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    Gold: It’s Groundhog Day All Over Again for Frustrated Bulls

    Last week, we analyzed the (lack of) safe haven demand for gold in the wake of Greece’s deteriorating debt negotiations, noting that the yellow metal …[was] dramatically lagging its safe-haven rivals” and that “this week’s lackluster reaction suggests that gold may be losing its luster and on the verge of a big breakdown” (see “Gold: Safe Haven No More?”). Gold subsequently dropped to a new nearly 4-month low at 1156 on Thursday before recovering slightly into the weekend.

    As we open another week of trade, it feels a bit like the 1993 movie “Groundhog Day,” where Bill Murray inexplicably get caught in a time loop and is forced to relive the same day over and over again. Much like in that iconic movie, this week’s moves in gold closely mirror last week’s: the yellow metal gapped slightly higher to start this week after an ostensibly negative development in Greece’s debt negotiations. However, the small bullish gap has already been filled and gold is once again trading below Friday’s open. Gold’s failure to retain any sort of safe-haven bid despite increasing global economic uncertainty represents a strong bearish signal moving forward.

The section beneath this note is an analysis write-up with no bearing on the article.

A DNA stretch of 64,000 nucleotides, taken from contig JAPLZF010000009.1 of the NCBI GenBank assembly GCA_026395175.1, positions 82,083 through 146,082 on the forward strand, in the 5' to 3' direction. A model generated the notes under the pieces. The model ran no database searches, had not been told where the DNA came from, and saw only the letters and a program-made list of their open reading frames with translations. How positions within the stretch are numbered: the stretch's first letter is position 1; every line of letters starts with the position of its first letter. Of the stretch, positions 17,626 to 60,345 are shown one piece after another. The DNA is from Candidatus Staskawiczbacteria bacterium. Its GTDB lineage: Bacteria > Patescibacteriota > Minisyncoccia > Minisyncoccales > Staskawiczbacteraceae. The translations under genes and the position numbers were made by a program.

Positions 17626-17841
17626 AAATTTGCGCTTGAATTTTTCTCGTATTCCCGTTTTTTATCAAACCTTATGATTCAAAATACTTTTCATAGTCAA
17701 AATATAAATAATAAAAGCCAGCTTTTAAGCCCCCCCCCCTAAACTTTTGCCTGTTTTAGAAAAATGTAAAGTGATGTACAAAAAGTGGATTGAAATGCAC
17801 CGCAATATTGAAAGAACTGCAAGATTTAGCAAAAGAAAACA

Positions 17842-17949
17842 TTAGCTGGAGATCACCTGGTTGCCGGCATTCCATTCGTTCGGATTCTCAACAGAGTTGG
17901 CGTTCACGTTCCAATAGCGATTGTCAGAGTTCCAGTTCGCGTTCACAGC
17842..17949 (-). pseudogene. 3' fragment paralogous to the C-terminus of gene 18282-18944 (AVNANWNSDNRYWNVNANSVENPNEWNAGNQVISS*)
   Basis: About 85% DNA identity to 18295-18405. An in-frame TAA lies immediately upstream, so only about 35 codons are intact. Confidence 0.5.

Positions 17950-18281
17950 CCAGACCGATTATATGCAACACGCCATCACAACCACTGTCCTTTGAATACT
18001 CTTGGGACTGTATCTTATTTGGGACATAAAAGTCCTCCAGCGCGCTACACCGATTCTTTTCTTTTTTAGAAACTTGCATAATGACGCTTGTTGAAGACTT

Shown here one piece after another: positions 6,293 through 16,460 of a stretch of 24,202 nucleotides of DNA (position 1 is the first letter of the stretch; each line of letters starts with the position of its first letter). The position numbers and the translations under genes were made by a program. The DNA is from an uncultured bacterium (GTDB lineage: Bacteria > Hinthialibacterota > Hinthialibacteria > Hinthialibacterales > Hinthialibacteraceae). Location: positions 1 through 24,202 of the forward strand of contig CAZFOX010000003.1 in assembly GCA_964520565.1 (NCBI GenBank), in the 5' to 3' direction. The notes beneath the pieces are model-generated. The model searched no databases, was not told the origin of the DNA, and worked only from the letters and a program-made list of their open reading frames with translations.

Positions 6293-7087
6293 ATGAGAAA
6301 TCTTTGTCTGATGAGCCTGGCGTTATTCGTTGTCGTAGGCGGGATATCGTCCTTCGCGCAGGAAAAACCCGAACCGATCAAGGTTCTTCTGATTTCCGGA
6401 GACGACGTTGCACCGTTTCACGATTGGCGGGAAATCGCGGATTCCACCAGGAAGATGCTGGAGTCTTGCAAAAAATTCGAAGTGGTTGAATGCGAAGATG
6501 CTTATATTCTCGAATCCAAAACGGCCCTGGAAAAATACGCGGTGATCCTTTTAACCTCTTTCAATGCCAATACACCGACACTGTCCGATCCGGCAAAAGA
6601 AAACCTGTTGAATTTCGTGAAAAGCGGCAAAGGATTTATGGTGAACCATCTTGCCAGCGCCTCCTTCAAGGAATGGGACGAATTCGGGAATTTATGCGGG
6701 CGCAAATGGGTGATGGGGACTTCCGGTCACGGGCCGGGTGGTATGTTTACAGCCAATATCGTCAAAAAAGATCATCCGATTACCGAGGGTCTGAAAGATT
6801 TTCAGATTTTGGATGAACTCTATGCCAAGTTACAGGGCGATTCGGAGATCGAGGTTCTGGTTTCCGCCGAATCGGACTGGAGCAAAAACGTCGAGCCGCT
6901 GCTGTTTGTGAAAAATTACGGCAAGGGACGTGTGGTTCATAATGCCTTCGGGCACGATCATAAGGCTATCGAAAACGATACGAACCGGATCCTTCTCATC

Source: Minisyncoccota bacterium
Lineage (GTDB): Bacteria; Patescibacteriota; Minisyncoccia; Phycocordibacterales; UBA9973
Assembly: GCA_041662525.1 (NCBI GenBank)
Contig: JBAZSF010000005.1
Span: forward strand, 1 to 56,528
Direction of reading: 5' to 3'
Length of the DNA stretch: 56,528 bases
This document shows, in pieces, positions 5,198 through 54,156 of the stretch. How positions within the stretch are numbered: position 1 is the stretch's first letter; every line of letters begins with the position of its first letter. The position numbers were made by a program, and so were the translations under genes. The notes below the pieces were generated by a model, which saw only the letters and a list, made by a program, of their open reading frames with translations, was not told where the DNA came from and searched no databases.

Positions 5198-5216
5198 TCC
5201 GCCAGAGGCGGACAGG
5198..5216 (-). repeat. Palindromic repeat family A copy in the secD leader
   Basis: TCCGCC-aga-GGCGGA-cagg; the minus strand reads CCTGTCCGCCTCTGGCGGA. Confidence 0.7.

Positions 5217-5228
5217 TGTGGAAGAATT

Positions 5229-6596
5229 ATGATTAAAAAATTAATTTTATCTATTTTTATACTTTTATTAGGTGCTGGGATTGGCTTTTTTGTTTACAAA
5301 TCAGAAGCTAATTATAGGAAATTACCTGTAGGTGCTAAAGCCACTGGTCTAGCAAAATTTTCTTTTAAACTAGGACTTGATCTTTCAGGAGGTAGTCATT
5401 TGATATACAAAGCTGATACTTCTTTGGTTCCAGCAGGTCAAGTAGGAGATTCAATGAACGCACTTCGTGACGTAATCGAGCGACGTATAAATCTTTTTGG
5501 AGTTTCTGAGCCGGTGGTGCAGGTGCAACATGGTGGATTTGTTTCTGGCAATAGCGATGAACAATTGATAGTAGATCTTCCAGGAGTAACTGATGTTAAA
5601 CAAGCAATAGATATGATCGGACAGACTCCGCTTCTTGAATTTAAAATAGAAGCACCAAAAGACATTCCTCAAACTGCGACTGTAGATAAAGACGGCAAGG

From a technical perspective, gold is working on a potential Bearish Engulfing Candle* on the daily chart, signaling a big shift to selling pressure. Unless we see a rally during today’s US session, this candlestick pattern will suggest a possible continuation down toward last week’s low in the mid-1150s.

    The medium-term picture is a bit more constructive, with gold’s RSI indicator still holding within its sideways range and the price of the metal itself forming a falling wedge pattern; despite its ominous-sounding name, this pattern could actually lead to a rally if gold is able to overcome the upper trend line near 1190. For now though, the near-term bias in gold remains lower, with strong support sitting at the year-to-date lows near 1140.

    *A Bearish Engulfing candle is formed when the candle breaks above the high of the previous time period before sellers step in and push rates down to close below the low of the previous time period. It indicates that the sellers have wrested control of the market from the buyers.


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